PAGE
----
Is a free and open society more susceptible to the dangers of envy?
It’s an interesting question to me, because most often the envy charge is used against socialism, or any kind of outcome-egalitarian form of society. The argument there goes like this: Socialism is just based on envy! Socialism is motivated by this anti-rich sentiment, anti-success, envious feelings by those people less successful, less wealthy, and so forth—and that’s simply an illegitimate motivation. So we can dismiss socialism on moral grounds.
Or sometimes the envy-charge against socialism is that it institutionalizes envy. Under socialism, we are all supposed to be equal in outcomes. But to keep everyone roughly equal requires a lot of monitoring about who has what and how things are distributed. And that leads to everyone in the society—not just the government—snooping and scrutinizing everyone else constantly. Does his apartment have more windows? Did she get a new dress—where did the money for that come from? On a smaller scale, we can imagine this: If you come from a large enough family, you’ve got a bunch of kids sitting around the dinner table, and the mom says she’s going to give everyone an equally sized slice of cake. Well, just imagine how hyper-scrutinous all of the kids become: they are looking very carefully at every cut of the cake that the mom makes, and then all of the complaints and the bad feelings if someone’s slice is slightly smaller or slightly bigger. So that’s an institutionalization of envy if you have some sort of socialist distribution going on and everyone is supposed to be equal.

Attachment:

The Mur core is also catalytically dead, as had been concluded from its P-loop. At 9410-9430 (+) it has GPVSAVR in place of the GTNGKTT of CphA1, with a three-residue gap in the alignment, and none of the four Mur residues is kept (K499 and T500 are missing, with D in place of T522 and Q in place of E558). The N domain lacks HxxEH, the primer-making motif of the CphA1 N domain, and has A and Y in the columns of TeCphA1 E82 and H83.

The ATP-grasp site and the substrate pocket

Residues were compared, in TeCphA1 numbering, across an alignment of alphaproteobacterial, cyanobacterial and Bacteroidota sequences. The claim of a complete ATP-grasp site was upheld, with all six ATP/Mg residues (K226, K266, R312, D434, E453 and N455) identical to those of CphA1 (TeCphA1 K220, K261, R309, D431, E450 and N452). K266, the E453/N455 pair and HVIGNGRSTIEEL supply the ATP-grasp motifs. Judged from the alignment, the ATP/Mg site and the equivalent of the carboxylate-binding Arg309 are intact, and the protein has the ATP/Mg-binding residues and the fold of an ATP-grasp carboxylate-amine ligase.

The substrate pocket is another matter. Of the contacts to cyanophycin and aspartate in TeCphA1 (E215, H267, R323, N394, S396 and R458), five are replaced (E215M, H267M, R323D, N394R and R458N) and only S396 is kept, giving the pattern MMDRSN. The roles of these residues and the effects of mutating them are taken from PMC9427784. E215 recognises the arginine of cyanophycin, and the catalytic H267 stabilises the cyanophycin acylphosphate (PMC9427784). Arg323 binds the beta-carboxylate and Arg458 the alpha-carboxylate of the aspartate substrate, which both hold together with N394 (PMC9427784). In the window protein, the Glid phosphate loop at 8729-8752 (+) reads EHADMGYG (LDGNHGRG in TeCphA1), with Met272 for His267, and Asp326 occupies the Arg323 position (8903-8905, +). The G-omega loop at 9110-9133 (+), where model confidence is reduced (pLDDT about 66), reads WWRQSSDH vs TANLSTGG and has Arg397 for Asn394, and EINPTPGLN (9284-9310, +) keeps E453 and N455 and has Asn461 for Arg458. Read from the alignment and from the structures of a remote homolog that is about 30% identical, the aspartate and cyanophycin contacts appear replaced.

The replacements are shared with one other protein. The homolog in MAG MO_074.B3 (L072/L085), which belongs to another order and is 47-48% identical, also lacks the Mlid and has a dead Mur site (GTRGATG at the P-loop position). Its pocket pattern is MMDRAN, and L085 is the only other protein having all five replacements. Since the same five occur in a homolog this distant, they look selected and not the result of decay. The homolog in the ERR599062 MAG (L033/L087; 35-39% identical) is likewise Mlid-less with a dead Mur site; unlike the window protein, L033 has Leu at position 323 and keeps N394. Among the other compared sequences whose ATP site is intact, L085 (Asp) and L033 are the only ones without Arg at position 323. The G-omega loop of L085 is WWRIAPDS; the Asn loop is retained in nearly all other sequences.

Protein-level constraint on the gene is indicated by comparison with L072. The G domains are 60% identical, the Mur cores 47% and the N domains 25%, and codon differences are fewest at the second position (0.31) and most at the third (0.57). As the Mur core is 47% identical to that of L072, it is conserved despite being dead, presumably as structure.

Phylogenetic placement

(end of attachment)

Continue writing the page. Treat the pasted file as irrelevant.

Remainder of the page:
I think the envy charge does work against some motivations for socialism, as envy can be one crude route to socialism: Often people who feel envious want to bring their betters down, and one way to do that is by grabbing their stuff. And socialism can rationalize that redistribution. But socialism is not only motivated by envy. There are several routes to socialism, so one cannot simply dismiss all socialists as envy-based.
Also, there are more sophisticated forms of socialism, or more broadly anti-liberal social thinking, that will argue that the phenomenon of envy actually counts more against liberal capitalism.